Strategic planning is about looking ahead but also learning from past experiences. Aligning your expertise to today’s socio-economic environment may be an option you should consider when planning out any further activities or strategies.
To get you started:
1. Clearly define your objectives
The necessity of having clear objectives derives from the need to have a focused plan, where one should:
- set short term goals (the more specific they are the easier it will be to measure them)
- set long term goals (your goals will keep you on track, helping you not to lose focus)
- describe expected results (take into account your past experiences, the challenges met, as well as successes attained).
In the mind map below you can visualize some of the characteristics that you can set for your goals in order to make them distinct:
Recommended for YouWebcast: A Week in the Life of an Agile Creative Team
2. Get your team members involved in strategic planning. The participation of other team members makes them more responsible and more willing to be focused on performance and results. Collaboration with team members can take many forms, but some of the most common ones are:
3. Create a plan that can be easily followed and understood by your team, organization and partners. Share your plan with other team members so that everyone can be on the same page and add on their specific activities:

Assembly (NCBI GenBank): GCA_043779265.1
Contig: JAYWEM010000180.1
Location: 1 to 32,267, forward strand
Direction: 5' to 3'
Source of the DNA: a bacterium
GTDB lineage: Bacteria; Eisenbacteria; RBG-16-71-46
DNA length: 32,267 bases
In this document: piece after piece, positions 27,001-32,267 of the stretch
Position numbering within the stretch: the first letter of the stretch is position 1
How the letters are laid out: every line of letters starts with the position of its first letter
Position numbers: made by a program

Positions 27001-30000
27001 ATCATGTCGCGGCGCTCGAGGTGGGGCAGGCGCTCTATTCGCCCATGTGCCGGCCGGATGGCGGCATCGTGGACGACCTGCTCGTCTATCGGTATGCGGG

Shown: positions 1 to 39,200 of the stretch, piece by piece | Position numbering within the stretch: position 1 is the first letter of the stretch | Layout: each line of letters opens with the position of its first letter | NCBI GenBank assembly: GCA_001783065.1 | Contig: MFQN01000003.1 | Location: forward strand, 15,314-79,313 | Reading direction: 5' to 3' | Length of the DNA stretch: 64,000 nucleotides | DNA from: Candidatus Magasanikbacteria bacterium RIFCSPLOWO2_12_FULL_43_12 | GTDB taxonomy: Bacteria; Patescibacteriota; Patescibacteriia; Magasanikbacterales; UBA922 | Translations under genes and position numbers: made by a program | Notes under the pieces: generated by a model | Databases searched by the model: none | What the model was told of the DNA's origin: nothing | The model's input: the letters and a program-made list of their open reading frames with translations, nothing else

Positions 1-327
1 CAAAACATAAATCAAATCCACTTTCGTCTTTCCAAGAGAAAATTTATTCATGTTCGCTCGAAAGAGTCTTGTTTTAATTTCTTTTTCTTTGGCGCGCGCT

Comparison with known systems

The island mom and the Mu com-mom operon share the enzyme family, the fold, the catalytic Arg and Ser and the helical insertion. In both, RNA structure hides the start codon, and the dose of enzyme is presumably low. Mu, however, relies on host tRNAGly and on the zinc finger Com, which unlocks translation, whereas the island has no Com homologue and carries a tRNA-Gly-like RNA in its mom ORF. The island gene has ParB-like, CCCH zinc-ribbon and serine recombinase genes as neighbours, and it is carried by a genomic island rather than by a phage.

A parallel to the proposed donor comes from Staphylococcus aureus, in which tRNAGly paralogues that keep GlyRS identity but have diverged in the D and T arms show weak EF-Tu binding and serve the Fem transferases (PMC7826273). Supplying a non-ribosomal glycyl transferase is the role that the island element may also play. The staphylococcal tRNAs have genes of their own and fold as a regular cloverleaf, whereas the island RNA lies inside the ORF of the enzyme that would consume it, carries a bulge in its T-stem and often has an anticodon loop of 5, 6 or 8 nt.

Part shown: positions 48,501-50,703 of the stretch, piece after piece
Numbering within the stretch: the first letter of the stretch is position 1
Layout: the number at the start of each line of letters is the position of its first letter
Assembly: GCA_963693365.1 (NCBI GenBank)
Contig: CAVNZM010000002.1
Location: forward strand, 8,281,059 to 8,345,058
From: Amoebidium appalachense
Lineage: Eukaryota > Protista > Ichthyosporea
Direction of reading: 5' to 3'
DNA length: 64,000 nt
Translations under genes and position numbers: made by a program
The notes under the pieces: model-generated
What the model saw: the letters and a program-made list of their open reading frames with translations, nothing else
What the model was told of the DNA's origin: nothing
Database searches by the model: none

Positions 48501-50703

- planning: activities, resources needed , people in charge, finances needed
- monthly targets
- annual targets
- risk factors
4. Assign clear tasks relevant for each step of the plan
How do you go about sharing tasks with your team? To make things easier by using a mind map, you can easily assign the right tasks to the right people.
In the mind map below created with Mindomo mind mapping software you can visualize the layout of the strategic plan and the people that were assigned to each part of the plan:
This type of structuring allows for adding comments and for expanding your strategic plan as needed. The more activities you have the more you will have to add on other tasks and assign them to the people who will be responsible for them.
5. Create performance indicators to help you evaluate your business as you go. It is essential to first identify key performance indicators for your business or organization and then to start defining them clearly according to the things you want to accomplish. Depending on how many departments and fields of activity you are having you can structure your performance indicators into:
- qualitative (customer satisfaction, job satisfaction, perception of product and service)
- quantitative (new accounts created, productivity, sales, completed tasks, nr. of complaints)
See in the mind map below an example of organizing your performance indicators on a mind map:
6. Make your results visible – this allows for transparency
Being held accountable is not an option for a business that respects itself. Employees as well as clients have to be informed regarding the progress and results of a company. Being transparent with your results may represent one of the best values your company can offer, mainly because the issue of trust is difficult to attain, but it is even more difficult to maintain.